Brazil and its democracy
Brazil and its democracy
By Bruno De Oliveira
President of Brazil Dilma Rousseff, with ex-president Luiz Inácio ‘Lula’ da Silva. (2011) (Roberto Stuckert Filho/PR under a Creative Commons Licence)
The media is trying to remove President Dilma Rousseff from power. It’s like what happened before in Brazil.
Luiz Inácio ‘Lula’ da Silva, ex-president of Brazil, was almost arrested. A police system forced him to give evidence to the media group Globo. In the past, Globo supported the coup in 1964 and the dictatorship after this. Pedro Serrano (professor at the Pontifical Catholic University of São Paulo and law expert) said that this action against Lula is the biggest crime against a former president since the military forced Joao Goulart to leave his job as president on 1 April, 1964. Serrano says that Brazil is now a lawless country. Some people do not have basic rights. They only investigate one political area.
They call this ‘Operation Car Wash’ (Lava Jato). They wanted to make Lula give evidence. And they gave information to the Globo television network in advance so that their helicopter could be over the former president’s house before the federal police arrived. The night before, the editor of Epoca magazine (which belongs to the Globo network) tweeted about what would happen the next morning. This shows the power of the media to change public opinion. It seems Globo wants a coup.
Federal judge Sérgio Moro is leading the campaign against the PT Party (the Worker’s Party), Dilma Rousseff and Lula. Moro is like Pontius Pilate (who put Jesus Christ on trial), trying to stop a leader from being in power. Moro is trying to stop ex-president Lula from running again for the presidency in the 2018 elections.
For more information, see this 2016 Brazil country profile:
President Rousseff and her government have had problems. But this impeachment (saying she has committed a serious crime) has nothing to do with corruption. That is why people need to see it as a coup. The opposition says it's because she didn’t manage money correctly. But all the presidents managed money in the same way – and it was okay then. Rousseff often put money from the Caixa Economica (government bank) into social programs. It was not for her personal benefit as many people have said.
And this is hypocrisy. Eduardo Cunha (president of the Chamber of Deputies of Brazil), the man responsible for impeachment, says he is fighting against corruption. But he has (allegedly) taken more than $14 million. The money is in secret accounts in Switzerland and other tax-free areas. The Panama Papers recently said Cunha gave money to offshore companies in Brazil’s Petrobras state oil scandal.
Many people are talking about this in Brazil. They say this is to make a coup against the Brazilian democratic system possible.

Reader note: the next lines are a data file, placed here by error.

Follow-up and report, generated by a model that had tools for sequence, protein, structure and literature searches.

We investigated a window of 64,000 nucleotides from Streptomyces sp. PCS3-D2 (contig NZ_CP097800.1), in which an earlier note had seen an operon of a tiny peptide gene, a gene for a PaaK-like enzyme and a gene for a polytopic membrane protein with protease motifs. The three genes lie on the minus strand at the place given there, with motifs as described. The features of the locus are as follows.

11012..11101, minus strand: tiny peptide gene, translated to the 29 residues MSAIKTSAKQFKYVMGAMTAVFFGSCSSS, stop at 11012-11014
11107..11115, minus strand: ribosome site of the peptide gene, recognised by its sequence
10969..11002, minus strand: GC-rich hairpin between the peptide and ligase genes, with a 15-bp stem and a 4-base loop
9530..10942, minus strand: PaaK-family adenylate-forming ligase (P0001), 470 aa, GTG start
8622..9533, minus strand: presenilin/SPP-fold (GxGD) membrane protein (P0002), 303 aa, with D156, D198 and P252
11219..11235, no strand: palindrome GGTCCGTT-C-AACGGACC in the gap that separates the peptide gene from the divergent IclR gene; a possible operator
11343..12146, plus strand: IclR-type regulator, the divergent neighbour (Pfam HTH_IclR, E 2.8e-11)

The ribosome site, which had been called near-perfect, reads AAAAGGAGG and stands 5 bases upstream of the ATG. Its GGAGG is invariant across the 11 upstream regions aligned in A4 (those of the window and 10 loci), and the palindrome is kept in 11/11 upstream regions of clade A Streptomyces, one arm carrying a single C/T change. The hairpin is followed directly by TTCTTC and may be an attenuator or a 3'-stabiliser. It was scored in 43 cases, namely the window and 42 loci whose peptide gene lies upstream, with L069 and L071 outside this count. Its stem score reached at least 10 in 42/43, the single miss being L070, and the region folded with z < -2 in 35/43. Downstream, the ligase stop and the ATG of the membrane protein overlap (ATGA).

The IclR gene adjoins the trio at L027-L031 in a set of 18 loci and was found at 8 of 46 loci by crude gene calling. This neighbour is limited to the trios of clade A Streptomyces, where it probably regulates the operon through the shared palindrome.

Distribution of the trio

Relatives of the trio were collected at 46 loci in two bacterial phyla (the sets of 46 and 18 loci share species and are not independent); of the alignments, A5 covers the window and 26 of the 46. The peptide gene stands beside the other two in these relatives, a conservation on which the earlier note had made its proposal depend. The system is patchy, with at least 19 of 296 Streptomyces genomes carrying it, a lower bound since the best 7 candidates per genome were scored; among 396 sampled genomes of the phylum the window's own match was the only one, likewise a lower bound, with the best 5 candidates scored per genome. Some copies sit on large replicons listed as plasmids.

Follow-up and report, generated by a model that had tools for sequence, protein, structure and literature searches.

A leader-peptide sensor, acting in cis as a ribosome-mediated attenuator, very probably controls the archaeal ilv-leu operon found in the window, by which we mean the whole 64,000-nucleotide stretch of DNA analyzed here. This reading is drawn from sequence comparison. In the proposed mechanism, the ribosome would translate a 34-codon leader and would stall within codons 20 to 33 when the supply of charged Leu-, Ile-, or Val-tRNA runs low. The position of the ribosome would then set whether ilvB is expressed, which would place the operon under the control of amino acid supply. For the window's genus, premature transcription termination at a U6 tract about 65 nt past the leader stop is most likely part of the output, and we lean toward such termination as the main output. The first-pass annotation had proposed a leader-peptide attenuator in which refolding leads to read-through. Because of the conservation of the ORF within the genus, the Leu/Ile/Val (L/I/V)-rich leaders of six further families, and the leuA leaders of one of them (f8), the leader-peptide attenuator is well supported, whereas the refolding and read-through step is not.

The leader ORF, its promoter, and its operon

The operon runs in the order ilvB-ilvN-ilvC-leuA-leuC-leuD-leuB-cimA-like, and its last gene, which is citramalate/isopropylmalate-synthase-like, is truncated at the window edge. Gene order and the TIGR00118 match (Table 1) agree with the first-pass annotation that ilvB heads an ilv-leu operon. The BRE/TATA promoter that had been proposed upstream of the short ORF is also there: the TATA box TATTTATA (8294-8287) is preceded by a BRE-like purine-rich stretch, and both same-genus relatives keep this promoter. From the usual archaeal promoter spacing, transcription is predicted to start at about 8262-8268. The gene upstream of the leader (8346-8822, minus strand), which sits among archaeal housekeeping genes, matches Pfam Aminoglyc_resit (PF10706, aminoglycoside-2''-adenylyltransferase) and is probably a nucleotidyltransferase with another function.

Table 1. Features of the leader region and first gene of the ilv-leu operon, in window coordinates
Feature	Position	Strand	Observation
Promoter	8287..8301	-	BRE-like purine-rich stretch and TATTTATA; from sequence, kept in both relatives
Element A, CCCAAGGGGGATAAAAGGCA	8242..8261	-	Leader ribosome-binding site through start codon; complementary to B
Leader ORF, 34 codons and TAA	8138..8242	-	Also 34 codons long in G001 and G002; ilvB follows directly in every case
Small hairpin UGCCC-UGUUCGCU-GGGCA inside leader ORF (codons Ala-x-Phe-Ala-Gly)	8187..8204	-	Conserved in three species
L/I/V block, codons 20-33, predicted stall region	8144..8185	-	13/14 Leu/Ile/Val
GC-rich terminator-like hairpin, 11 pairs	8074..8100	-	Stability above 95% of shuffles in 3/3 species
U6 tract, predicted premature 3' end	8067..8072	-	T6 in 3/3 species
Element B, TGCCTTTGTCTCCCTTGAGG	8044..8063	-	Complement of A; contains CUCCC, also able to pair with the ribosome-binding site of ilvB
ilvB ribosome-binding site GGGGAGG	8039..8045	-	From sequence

There is a big difference in Brazil – in its cultural, social and political life - between the master’s ‘Casa-Grande’ (colonial mansion) and the slaves ‘Senzala’ (quarters). Sociologist Gilberto Freyre (sociologist) explains this in his book, Casa-Grande and Senzala(Masters and the Slaves). He shows how Brazilian society developed by mixing different social groups: white, mainly Portuguese; blacks of different African nations; and different local indigenous tribes.
Politics was only for the rich. And Brazilian business media, especially Globo, has supported this cultural idea for generations. Globo media is like the Daily Mail in Britain. The Brazilian political crisis is mostly white upper-middle class people trying to stop mostly black working-class getting money and help from social welfare programs.
This powerful media chooses the heroes. It says the poor are the public enemies. It supports the judges who change and adapt the laws.
The Casa-Grande will change laws and this will be bad for workers. They will make people pay for education in federal universities, stop social movements and freedom of expression on the internet, support big agricultural companies taking land from indigenous people and more.
2008-2014 was probably the best time in Brazilian history. Economic inflation was 4.31 per cent to 6.5 per cent – very good for an economy. The unemployment rate in 2014 was 4.8 per cent, the lowest ever. The PT party brought in laws to make sure that 50 per cent of all students at public universities are poor, mainly Afro-Brazilian – because they are 50 per cent of the population. Before the PT came to power, only about 5 per cent of poorer Brazilians went to public universities.
Brazil’s foreign reserves are still 10 times higher than before the PT took office. But the mainstream media hides and makes up news.
Then came the effects of the global economic crisis in 2009. Brazilian GDP went down by 2.5 per cent in the third quarter of that year. But some media did not say this was because of the global economic crisis.
Rousseff’s government increased the minimum wage to $252 for 2016. This increase is more than inflation - a rise of 77 per cent since 2003. It will put $16 billion into the economy. The increase is helping balance money between rich and poor. It will cut poverty and bring $8.5 billion from tax.
The media chooses what it reports to support what it wants. Globo needs to control democracy in Brazil. Globo has a long and dirty history of defending its politics against Brazilian governments that increased the minimum wage. Globo continues to fight against Lula and Rousseff.
Like many countries in Latin America, this is an important time for democracy in Brazil. In the last election the Brazilian people decided its president, as their constitution says they should. #NoToTheCoup.
NOW READ THE ORIGINAL: http://newint.org/blog/2016/04/14/brazil-and-its-democracy/ (This article has been simplified so the words, text structure and quotes may have been changed).